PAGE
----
How to Travel to Cuba Directly

Direct JetBlue flights from New York City to Havana, Cuba are coming this summer.
Direct JetBlue flights from New York City to Havana, Cuba are coming this summer. Joe Raedle / Getty Images

JetBlue announced that beginning July 3, it will be operating nonstop direct flights to Cuba out of New York's JFK airport, chartered by Cuba Travel Services. The flights are a result of easing travel restrictions between the US and Cuba. The JetBlue flights will be offered weekly, at noon each Friday, landing at 3:30 PM in Havana's Jose Marti International Airport. A return flight each Friday departs Havana at 4:30 PM and arrives in New York at 8 PM.

JetBlue is not the only way to fly direct to Cuba. In April, Cheapair.com became the first online travel agency to offer nonstop flights between the United States and Cuba. Those authorized to travel to Cuba can now book nonstop flights from Tampa or New York to Havana and Miami to Havana, Santiago de Cuba, Santa Clara, Camaguey, Cienfuegos and Holguin.

Before direct flights were an option, the only way for American travelers to get to Cuba was by way an out-of-the-way, expensive trip with a layover in a third country such as Canada, Mexico, or various Caribbean and Central American destinations. Those indirect options resulted in huge price tags. According to Hopper, a big-data travel research firm, the best US-origin indirect option via Cancun comes in at a total of just over $700 round trip.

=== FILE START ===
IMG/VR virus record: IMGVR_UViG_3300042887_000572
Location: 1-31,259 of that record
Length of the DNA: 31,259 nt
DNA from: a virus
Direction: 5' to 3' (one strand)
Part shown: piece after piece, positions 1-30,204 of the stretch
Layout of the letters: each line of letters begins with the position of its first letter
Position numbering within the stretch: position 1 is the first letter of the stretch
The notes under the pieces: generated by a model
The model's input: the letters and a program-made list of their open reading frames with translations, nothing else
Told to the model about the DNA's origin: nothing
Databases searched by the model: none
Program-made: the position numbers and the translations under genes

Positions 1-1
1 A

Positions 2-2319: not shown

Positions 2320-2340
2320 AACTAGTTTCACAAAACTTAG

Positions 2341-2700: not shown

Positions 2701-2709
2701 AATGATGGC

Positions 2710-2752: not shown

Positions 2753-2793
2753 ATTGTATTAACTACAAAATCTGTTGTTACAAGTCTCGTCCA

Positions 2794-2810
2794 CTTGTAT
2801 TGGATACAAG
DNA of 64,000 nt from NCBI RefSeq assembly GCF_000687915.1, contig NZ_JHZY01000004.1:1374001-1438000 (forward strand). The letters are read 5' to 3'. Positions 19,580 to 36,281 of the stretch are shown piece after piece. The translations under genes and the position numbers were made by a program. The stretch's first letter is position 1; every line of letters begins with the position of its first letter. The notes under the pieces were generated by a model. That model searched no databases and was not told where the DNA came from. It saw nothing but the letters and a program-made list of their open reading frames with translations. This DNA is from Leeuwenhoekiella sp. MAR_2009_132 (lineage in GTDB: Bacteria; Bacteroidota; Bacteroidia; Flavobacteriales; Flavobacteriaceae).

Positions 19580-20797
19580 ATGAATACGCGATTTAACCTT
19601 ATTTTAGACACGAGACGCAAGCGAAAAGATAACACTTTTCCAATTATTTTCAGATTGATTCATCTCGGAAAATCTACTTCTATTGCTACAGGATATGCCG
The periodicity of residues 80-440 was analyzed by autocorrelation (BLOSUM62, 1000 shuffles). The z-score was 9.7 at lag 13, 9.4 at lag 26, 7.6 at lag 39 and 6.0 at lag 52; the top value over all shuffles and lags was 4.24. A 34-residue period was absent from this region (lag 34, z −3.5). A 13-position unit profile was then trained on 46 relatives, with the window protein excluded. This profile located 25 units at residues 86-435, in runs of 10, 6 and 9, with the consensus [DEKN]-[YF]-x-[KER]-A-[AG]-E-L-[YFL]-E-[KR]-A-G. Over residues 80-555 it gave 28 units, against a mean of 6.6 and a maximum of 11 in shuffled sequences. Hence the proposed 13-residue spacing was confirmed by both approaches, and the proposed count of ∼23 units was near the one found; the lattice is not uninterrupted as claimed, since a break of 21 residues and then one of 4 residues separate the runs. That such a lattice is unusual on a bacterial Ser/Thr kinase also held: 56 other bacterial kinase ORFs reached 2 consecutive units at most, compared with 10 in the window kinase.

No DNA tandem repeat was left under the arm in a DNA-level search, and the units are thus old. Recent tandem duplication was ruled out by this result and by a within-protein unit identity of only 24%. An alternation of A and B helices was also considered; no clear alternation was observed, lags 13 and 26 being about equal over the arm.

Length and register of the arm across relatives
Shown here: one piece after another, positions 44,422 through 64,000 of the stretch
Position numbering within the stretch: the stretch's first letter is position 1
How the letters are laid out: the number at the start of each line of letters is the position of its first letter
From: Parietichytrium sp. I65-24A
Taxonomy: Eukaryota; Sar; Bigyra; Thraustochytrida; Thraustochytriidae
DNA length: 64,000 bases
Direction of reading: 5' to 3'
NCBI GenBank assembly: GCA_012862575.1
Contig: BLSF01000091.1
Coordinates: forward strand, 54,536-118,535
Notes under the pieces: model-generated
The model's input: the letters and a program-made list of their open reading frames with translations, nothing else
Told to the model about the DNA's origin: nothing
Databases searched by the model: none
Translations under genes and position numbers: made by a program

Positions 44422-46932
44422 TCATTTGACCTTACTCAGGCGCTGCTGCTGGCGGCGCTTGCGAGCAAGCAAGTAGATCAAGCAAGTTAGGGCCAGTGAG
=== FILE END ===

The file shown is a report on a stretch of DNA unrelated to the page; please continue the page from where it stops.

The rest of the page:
Now, with the options for direct fights increasing, Hopper chief data scientist Patrick Surrey and his team predict that prices will start decreasing. Direct round trip flights from Miami to Havana, restricted to licensed travelers only, are currently priced from $500-plus round trip, though data is sparse. Although the U.S. Congress is unlikely to lift the travel embargo in the near future, they predict that doing so would cut the typical cost of visiting Cuba almost in half, to about $375 round trip, based on current prices to nearby destinations.

Flights aren't the only new option when it comes to traveling to Cuba. The Obama administration announced Wednesday that for the first time in 50 years, the U.S. will allow ferry service operations between Florida and Cuba. Havana Ferry Partners of Fort Lauderdale, Baja Ferries of Miami, United Caribbean Lines Florida of Greater Orlando and Airline Brokers of Miami and Fort Lauderdale were notified on Tuesday of approvals by the U.S. Treasury and Commerce departments to begin services. The ferry companies plan to allow free luggage and trips less expensive than charter flights.